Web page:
All that we have learned from non-Biblical sources of the kingly character of the Magi is confirmed by Holy Mother Church. In Her liturgy, She applies to them these words: "Kings of Tharsis and the islands shall offer presents; Kings of the Arabians and of Saba shall bring gifts: and all the kings of the earth shall adore Him, all nations shall serve Him." (Psalm 71:10-11) And from the seventh century, they are venerated as saints in the Martyrology: St. Gaspar, on the first of January, St. Melchior, on the sixth, and St. Balthasar, on the eleventh of the same month. (Acta Sanctorum, 1:8, 323, 664)

The Religious Beliefs of the Magi Kings

The religion of the Magi – before Christ manifested the True God to them in Person – seems to have been heavily influenced by the dispersion of the Israelites throughout Persia, after the destruction of their Northern Kingdom by the Assyrians. They believed in an all-powerful Creator-God, Who is also addressed as an intimate friend, Who loves justice and hates iniquity, Who rewards good and punishes evil. Although these truths were also mixed with certain pagan errors, the Magi Kings enforced a high moral code and their rule was benevolent and just. Under their influence, Cyrus, the great Persian conqueror (539 B.C.), allowed the exiled Israelites to return to their homeland, and even gave them money to help rebuild the Temple in Jerusalem, which had been destroyed by the Babylonians.

Ignorant of both history and archeology, some Modernists and so-called biblical "scholars" have begun to refer to the Magi Kings as "astrologers", "sorcerers", or "magicians". The beliefs of these rulers, however, which are well documented, strictly forbade such superstitious practices. It is true that they were extremely well educated on the movements of the stars and planets, since one of their beliefs held that the movements of these heavenly bodies corresponded to events which occurred on earth. This science, however, was merely the means used by God for the miraculous Revelation made to them concerning the Birth of the Messiah.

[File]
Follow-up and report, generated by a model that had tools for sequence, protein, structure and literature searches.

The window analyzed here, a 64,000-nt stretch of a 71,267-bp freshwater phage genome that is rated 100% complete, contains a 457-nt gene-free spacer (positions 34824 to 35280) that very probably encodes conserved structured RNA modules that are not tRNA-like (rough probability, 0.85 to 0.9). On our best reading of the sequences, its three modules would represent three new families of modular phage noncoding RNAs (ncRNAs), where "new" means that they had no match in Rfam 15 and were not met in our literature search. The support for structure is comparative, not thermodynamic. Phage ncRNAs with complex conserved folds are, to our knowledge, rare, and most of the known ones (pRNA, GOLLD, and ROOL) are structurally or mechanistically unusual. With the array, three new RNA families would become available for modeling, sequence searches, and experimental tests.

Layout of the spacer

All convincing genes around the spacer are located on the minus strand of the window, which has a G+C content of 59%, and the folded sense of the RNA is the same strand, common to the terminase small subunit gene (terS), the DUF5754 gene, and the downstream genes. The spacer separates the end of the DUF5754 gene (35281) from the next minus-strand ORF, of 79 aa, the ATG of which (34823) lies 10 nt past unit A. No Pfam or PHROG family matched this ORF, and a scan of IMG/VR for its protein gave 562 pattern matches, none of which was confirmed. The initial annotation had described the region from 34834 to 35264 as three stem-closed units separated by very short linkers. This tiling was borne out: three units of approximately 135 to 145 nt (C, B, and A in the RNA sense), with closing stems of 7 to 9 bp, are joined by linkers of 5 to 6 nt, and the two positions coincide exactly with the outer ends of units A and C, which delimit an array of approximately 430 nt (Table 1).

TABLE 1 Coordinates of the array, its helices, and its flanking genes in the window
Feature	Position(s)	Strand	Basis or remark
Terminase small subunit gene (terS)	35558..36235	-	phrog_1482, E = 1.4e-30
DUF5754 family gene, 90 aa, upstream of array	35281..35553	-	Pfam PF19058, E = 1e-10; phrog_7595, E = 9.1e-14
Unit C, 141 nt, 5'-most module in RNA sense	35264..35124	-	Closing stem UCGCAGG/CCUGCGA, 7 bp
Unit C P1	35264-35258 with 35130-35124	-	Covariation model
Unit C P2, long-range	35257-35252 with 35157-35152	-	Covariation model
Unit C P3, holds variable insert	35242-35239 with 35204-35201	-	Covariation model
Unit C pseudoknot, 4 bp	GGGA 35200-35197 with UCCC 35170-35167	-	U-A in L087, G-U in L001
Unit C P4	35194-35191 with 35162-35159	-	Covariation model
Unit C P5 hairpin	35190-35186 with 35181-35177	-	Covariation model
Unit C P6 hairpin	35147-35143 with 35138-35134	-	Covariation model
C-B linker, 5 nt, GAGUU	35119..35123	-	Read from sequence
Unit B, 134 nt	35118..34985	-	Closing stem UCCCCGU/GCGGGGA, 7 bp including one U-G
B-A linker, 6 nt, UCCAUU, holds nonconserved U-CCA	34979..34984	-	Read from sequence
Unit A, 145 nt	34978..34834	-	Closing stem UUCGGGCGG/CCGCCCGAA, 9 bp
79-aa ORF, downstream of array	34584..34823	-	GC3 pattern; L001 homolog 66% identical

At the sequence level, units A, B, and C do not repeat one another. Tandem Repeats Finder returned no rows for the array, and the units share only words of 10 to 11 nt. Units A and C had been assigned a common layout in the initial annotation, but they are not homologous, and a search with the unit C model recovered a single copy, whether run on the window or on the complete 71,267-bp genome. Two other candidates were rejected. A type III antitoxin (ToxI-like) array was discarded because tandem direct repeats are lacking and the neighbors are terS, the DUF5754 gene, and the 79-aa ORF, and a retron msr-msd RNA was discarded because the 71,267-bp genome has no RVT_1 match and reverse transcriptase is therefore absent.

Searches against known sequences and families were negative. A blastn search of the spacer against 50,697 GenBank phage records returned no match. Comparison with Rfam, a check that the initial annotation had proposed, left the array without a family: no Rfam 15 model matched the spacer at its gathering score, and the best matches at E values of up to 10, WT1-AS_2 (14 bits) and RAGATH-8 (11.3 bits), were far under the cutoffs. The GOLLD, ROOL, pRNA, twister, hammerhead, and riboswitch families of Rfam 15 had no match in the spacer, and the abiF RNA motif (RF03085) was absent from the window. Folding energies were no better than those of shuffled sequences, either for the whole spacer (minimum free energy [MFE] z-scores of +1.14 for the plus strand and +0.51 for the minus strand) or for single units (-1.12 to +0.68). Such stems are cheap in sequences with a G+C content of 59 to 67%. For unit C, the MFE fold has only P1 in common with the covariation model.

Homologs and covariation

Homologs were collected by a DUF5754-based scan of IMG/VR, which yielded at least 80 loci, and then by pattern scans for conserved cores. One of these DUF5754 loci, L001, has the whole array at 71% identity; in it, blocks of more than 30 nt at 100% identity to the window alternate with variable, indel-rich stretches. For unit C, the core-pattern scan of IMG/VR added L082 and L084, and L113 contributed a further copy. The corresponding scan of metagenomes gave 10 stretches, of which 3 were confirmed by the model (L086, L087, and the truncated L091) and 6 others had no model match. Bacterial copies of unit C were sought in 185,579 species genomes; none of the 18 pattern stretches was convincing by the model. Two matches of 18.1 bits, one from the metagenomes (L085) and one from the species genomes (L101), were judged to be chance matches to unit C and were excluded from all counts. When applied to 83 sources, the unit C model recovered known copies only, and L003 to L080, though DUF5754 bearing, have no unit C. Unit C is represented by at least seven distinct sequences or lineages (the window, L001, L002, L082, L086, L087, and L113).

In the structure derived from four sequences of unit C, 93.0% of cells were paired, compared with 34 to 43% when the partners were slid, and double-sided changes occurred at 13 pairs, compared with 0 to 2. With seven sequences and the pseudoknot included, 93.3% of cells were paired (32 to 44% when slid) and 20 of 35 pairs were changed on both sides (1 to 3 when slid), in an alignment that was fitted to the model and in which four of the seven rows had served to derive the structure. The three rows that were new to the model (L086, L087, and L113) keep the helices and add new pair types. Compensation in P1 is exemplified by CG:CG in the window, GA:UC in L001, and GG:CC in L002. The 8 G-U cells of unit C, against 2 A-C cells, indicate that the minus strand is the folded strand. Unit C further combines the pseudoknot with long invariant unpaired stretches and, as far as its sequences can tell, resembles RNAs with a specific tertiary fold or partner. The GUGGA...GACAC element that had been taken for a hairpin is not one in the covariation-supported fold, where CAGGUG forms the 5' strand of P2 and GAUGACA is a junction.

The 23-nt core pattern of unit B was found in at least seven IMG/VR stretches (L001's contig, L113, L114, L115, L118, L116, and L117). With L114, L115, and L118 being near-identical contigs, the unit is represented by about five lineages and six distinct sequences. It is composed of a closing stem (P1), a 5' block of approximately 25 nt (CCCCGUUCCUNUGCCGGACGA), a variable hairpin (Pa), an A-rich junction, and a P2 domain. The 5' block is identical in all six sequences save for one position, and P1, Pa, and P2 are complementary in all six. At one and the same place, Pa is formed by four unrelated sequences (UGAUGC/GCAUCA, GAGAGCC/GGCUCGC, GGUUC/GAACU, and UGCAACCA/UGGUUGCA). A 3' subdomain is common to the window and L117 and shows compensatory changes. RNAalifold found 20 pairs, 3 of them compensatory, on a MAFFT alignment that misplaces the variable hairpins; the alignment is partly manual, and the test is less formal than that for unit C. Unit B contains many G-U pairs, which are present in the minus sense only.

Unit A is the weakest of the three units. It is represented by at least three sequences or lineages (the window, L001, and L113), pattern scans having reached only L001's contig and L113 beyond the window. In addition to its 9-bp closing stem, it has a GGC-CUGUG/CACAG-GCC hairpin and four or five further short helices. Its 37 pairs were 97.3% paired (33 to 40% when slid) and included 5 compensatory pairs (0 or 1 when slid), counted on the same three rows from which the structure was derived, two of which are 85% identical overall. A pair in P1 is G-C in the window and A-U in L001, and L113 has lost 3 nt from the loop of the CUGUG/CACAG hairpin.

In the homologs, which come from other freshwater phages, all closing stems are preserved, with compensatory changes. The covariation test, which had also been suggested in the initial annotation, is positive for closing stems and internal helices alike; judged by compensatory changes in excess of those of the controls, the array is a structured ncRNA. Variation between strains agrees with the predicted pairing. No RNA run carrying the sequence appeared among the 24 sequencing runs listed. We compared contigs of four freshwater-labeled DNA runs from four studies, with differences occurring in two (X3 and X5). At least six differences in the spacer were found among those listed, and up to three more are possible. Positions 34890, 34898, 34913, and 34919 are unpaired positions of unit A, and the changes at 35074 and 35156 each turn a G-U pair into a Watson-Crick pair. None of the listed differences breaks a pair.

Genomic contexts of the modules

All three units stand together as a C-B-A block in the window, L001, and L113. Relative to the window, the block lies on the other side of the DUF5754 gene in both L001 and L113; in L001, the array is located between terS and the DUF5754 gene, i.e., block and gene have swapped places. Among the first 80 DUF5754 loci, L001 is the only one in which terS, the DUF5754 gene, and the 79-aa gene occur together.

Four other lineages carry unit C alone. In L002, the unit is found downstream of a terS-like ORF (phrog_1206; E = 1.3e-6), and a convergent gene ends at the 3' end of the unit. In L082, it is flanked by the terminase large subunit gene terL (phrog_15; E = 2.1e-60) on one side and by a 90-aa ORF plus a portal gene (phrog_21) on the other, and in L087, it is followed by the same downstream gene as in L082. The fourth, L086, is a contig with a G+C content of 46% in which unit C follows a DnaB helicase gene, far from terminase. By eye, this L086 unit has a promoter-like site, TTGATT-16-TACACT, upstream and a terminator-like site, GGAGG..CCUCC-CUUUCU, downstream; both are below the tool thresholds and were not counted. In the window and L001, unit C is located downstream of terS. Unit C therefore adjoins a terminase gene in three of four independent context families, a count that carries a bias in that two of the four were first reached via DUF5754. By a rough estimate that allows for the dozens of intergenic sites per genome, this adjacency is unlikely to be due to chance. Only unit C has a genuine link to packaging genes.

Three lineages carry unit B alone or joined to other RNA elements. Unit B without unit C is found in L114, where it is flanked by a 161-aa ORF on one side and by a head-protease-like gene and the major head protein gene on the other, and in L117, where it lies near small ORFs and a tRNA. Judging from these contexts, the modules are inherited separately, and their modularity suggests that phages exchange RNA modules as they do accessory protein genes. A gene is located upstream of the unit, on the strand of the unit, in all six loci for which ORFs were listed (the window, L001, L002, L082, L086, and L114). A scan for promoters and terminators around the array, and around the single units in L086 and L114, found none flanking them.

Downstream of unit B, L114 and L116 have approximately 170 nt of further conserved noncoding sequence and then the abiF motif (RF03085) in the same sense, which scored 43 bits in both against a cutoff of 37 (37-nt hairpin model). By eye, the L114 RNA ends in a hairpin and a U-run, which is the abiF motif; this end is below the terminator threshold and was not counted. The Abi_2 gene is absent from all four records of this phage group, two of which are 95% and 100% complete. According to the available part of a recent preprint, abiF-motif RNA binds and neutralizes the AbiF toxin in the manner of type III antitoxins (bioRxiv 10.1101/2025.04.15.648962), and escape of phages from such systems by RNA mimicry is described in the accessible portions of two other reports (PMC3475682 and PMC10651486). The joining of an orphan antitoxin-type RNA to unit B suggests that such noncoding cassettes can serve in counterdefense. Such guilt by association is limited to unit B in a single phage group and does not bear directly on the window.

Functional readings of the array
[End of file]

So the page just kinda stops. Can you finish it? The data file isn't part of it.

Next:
The Roman historians Virgil, Horace, Tacitus (Hist. 5:13), and Suetonius (Vespas., 4), bear witness that, at the time of the Birth of Christ, there was throughout the Roman Empire a general unrest and expectation of a Golden Age and a Great Deliverer. It is certain that the Magi Kings were familiar with the great Messianic prophesies, since there were large numbers of the Chosen People in their midst, who did not return from exile with Nehemias. When Christ was born, there was a Hebrew population in Babylon, and throughout Persia. One can easily see the providence of God preparing the hearts of these Gentile Kings for His Coming, since they were led by such influences to look forward to a Messiah Who would soon appear.